Royston, British Columbia
|Regional District||Comox Valley|
|• Total||4.57 km2 (1.76 sq mi)|
|• Density||340/km2 (890/sq mi)|
|Postal code||V0R 2V0|
|Area code(s)||+250, +778|
Royston is a small seaside hamlet which is part of the greater Comox Valley region, 100 km northwest of Nanaimo on Vancouver Island, in British Columbia, Canada. It is situated next to the Trent River, across the harbour from Comox and just southeast of the municipal boundary of Courtenay. Royston is home to just over 1200 people.
In the early 1900s, Royston was, and continues to be, the major port for the Comox Valley logging industry. Logs were shipped here by rail, boomed in the harbour, then towed across to the B.C. Mainland to be made into lumber. This port was used for transportation of coal mined in Cumberland.
William Roy and his family settled here in 1890, collaborating with a real estate promoter named Frederick Warren to lay out a townsite that they named Royston. The settlement could have been named as "Roy's Town" but could also have been named after Warren's home town of Royston in Hertfordshire - or both.
Prior to Europeans arriving coastal first nations used the beaches in the Royston area to dry smoked herring and herring roe. They would hang fish on frames to catch sea breezes and dry the roe on tree boughs. They called the beaches Tle-Tla-Tay.
Today the K’ómoks First Nation grows premium quality Pacific oysters and Manila clams on these same beaches of their traditional territory. The K’ómoks honours the traditions of their ancestors from the house of Pentlatch by operating under the name of Pentlatch Seafoods Ltd.
The K’ómoks proudly acknowledge their heritage by branding their seafood with the mask of Komo Gway – The Ruler of the Undersea. According to Pentlatch legends, Komo Gway is master of the marine species directing the rise and ebb of the tides. Komo Gway is often depicted as an octopus form since the master once chopped an octopus into many pieces and scattered them across the ocean to ensure a sustainable food source for the coastal people.
Early Settlement William Roy was one of the first to clear land in Royston. Originally from Scotland, William came from Westville, Nova Scotia arriving in the Comox district in 1890. Although he was bound for Cumberland, on the ship that brought him up from Nanaimo he met James Dunsmuir. Dunsmuir owned large tracts of land and invited Roy to look around for an area he might like to buy. Roy decided on beach property that would now straddle both sides of Royston Road on the east side of the Island Highway and north of the Trent River. Roy with a real estate promoter named Frederick Warren created village lots in 1910. By 1912 Royston had 30 settlers. A rail line between Royston and Cumberland provided easy daily travel between the two settlements from 1914 to 1930. This service lead several Cumberland residents to build summer homes at Royston and Gartley beach on the south side of the Trent River.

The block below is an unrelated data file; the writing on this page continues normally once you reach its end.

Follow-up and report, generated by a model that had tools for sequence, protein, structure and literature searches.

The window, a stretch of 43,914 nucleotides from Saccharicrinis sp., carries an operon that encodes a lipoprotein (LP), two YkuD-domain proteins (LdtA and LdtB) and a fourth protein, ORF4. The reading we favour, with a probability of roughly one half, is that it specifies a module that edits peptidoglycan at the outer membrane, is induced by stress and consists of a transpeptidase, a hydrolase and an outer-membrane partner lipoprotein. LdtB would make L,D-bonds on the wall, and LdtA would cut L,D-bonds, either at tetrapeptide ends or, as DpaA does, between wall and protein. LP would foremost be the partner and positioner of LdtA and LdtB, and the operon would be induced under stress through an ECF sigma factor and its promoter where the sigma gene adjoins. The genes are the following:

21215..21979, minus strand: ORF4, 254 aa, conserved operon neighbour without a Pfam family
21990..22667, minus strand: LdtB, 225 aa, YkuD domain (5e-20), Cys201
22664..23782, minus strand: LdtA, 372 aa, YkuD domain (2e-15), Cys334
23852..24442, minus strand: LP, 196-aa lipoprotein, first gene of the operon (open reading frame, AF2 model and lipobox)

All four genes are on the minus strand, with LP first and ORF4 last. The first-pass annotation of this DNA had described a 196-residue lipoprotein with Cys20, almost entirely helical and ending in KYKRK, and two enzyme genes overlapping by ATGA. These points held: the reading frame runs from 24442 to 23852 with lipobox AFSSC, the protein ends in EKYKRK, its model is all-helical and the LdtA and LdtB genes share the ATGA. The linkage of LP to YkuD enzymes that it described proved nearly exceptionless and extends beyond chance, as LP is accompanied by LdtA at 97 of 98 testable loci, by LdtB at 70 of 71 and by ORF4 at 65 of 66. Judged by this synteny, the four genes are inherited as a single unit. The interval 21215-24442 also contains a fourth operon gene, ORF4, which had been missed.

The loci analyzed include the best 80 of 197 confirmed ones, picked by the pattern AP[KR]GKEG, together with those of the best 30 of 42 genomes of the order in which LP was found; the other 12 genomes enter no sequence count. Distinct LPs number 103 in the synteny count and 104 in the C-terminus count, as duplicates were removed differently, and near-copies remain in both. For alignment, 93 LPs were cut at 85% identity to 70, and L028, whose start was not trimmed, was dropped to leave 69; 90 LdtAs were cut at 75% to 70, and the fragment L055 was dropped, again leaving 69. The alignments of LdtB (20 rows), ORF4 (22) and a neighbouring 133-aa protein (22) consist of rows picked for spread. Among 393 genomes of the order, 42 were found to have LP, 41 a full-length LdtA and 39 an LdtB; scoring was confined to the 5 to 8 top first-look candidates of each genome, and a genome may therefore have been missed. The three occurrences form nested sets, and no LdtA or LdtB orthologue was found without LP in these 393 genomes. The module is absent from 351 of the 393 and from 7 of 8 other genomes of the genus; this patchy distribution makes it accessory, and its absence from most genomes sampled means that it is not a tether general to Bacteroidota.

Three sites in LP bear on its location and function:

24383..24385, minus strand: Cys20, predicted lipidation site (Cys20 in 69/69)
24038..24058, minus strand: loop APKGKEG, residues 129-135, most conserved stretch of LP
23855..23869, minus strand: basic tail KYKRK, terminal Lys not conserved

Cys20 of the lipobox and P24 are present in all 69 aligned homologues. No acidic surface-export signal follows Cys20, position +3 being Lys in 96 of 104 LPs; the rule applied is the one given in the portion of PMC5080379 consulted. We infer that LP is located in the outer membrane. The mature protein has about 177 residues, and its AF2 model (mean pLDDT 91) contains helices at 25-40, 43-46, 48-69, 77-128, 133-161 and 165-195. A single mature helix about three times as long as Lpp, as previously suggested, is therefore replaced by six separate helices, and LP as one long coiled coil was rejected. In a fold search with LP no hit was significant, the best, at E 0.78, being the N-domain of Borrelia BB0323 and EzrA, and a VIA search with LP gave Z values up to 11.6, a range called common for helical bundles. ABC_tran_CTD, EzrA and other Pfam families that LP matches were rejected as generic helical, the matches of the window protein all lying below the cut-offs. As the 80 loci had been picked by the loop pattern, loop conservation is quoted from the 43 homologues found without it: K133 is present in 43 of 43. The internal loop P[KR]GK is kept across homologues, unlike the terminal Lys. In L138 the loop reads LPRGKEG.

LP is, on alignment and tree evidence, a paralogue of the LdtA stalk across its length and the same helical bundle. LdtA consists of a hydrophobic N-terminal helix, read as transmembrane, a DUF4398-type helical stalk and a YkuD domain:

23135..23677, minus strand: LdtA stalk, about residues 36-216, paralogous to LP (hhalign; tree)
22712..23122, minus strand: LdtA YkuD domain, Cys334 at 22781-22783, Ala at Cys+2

Squatters moved into the area between Gartley beach and Millard Creek (now part of Courtenay) during the hard times of the 1912-1914 Cumberland mine workers strike.
Royston Imperial Pavilion Built in 1918 and covered in 1925 the one single and four double tennis courts on the Royston waterfront hosted numerous community events. Tennis and badminton players loved the extremely flexible wooden fir floors. Dancers delighted in swirling across the floors. Through the 1930s crowds of 1500 people swayed into the night making the pavilion the largest and best dance floor in BC. As the orchestra warmed up for a summer evening dance in 1940 an electrical fire broke out bringing the pavilion to the ground in minutes, never to be replaced.
Royston Community Hall The Royston Community Club purchased the machine shop at the corner of the Island Highway and Royston Road in 1952 for a community hall. The building is now nearly 100 years old having been constructed in 1925.
Waterfront Oil Tanks & Wharf Shell and Imperial Oil took over the government wharf in 1940. The Royston wharf handled a heavy tonnage in oil products through the years. Initially barrels of oil were rolled to shore on the wharf. Fuel was later pumped from barges to tanks on the Royston waterfront. Oil tanks were located on the northwest corner of Royston Road and Marine Drive from 1916 until 1997. The wharf head was 12m x 30m (40 x 100ft) with an approach that was just 1.1m (3.6ft) wide but 400m (1,320ft) long. The viewing stand at the end of Royston Road is built with timbers and decking from the wharf which was removed in 2003.
History of Royston. by Jean Feely and Margery Corrigall. Published by the Royston Centennial Committee. Undated.
A Garden for Life: Mary Greig & the Royston Rhododendrons by Judith Walker. Published May 2015.
Watershed Moments: A Pictorial History of Courtenay and District by Christine Dickinson & Deborah Griffiths & Judy Hagen & Catherine Siba. October 2015